Corn, pork leaders to Trump: Only more exports can raise farm income
February 23, 2017
SAN DIEGO — Only increased exports can raise farm incomes significantly, and President Donald Trump's actions on trade will determine trends in U.S. farm exports, key corn and pork industry leaders told attendees at the Renewable Fuels Association here on Wednesday.
"The farm program will help with some other issues, but the real promise that our farmers see is growth in demand, and we know that growth in demand will come from [exports]," said Chris Novak, CEO of the National Corn Growers Association.
"The vast majority of potential is in the export markets," added Randy Spronk, a Minnesota farmer and hog producer who is a past president of the National Pork Producers Council.
Novak and Spronk spoke in a discussion titled "Agriculture Working Together to Move Rural America Forward." It was moderated by RFA President and CEO Bob Dinneen.
“The farm program will help with some other issues, but the real promise that our farmers see is growth in demand, and we know that growth in demand will come from [exports].” Chris Novak, CEO of the National Corn Growers Association
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Asked by Dinneen how concerned he is about the "bellicose rhetoric" about trade in Washington, Novak said, "We know that President Trump is committed to improving trade. We have talked to his transition team. … The commitment of the president to growing markets and trade is solid. Obviously, what he doesn't like is the multilateral deals because he feels they were not good for American workers."
But Novak added that his "frustration" is that those multilateral deals have been good for American agriculture.
Spronk said that if Trump is going to pursue bilateral deals, the No. 1 priority is a deal with Japan, which is the No. 1 U.S. pork market in dollar value but that still has trade restrictions. Mexico, he noted, is a "huge volume market," particularly for hams.
China is a "complex" issue for the corn industry because there are questions about import access and biotechnology policy, Novak said. The U.S. industry is "challenged" by Chinese slowness to accept biotech crops while it is working on its own biotech platforms.
"President Obama put a lot of effort in communicating with the Chinese government," Novak said. "We need President Trump to pick up and push even harder to make sure we have a fair and workable set of regulations that will continue to allow the free flow of corn and corn products."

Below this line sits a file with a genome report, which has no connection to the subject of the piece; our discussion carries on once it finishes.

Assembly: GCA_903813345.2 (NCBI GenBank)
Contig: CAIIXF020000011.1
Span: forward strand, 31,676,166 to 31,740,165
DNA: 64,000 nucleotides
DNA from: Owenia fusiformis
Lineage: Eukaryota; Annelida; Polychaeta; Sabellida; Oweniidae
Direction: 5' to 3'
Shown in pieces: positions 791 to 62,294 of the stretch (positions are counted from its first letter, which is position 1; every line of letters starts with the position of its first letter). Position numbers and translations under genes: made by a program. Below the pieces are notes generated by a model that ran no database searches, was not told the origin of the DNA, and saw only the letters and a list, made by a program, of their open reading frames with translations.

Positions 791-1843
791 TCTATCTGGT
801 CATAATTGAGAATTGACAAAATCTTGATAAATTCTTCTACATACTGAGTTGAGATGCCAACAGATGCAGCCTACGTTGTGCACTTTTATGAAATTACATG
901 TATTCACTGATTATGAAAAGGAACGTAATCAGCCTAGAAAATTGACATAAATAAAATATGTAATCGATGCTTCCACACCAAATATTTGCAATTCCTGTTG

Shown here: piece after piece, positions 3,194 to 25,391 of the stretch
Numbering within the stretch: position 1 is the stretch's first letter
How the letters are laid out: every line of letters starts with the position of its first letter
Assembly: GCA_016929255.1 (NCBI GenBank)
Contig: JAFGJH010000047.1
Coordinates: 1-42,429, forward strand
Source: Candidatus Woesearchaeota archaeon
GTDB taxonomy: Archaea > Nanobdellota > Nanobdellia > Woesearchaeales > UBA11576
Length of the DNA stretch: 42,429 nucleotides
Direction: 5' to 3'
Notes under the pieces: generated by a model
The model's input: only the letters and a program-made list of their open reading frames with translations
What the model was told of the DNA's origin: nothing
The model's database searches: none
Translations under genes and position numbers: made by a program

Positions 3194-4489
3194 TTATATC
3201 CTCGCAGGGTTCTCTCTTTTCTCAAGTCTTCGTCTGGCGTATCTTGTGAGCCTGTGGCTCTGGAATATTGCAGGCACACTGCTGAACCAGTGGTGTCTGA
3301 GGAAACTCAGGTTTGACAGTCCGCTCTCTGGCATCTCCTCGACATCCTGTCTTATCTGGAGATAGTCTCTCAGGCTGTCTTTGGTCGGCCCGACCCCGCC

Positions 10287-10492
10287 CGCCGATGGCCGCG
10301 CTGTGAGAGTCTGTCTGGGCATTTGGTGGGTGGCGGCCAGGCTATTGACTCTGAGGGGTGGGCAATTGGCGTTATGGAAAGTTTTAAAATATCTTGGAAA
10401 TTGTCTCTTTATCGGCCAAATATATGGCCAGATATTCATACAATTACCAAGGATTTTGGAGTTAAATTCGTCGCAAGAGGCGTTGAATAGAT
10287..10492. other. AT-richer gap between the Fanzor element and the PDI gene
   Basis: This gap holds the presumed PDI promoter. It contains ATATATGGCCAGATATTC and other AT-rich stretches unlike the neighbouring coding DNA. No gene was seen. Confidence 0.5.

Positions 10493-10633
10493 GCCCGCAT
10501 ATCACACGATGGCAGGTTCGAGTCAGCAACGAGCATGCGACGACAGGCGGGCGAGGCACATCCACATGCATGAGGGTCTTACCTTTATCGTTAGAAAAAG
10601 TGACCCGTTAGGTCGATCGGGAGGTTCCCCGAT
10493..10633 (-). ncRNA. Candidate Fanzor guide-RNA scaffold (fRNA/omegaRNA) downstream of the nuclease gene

Spronk and Novak said that the future of the Waters of the United States rule that Trump has promised to pull back is important to both the corn and the livestock industry.
Novak noted that the rule came about because the Supreme Court had issued conflicting decisions, and said that there is still is a need for clarifying the Supreme Court decisions. But Novak added that the Environmental Protection Agency "went well beyond what their own scientists were recommending and what the Army Corps said was necessary."
Dinneen, Spronk and Novak also engaged in a long conversation about how the corn, ethanol and livestock industries could avoid future conflicts such as the ones that occurred when corn prices were at their highest and the livestock industries called for an end to the Renewable Fuel Standard.
Spronk noted that the pork producers are not lobbying on either side of that argument now.
Novak, who was chief executive officer of the National Pork Board from 2008 until he joined the corn growers in 2014, noted that when feed prices were at their highest, there was a bigger contraction in the pork industry than when pork went down to 10 cents per pound.
The rapid change in market prices and the difficulty of the industry in adjusting to higher prices "still underpins the feelings," Novak said.
Spronk noted that pork producers who raised their own corn fared better in that period than those who had to buy corn.
Corn growers said they "were raising everybody's ship," but not everybody "had the ability to rise together," Spronk said.
Pork producers who had to buy corn promoted the food-versus-fuel debate, Spronk said. "There was a very severe sense of unfairness," he added.
Both Dinneen and Novak concluded that they need to address the "canards," such as food-versus-fuel, that affect consumer thinking.
"I feel like a mouse between a tiger and a lion," Spronk concluded.
–The Hagstrom Report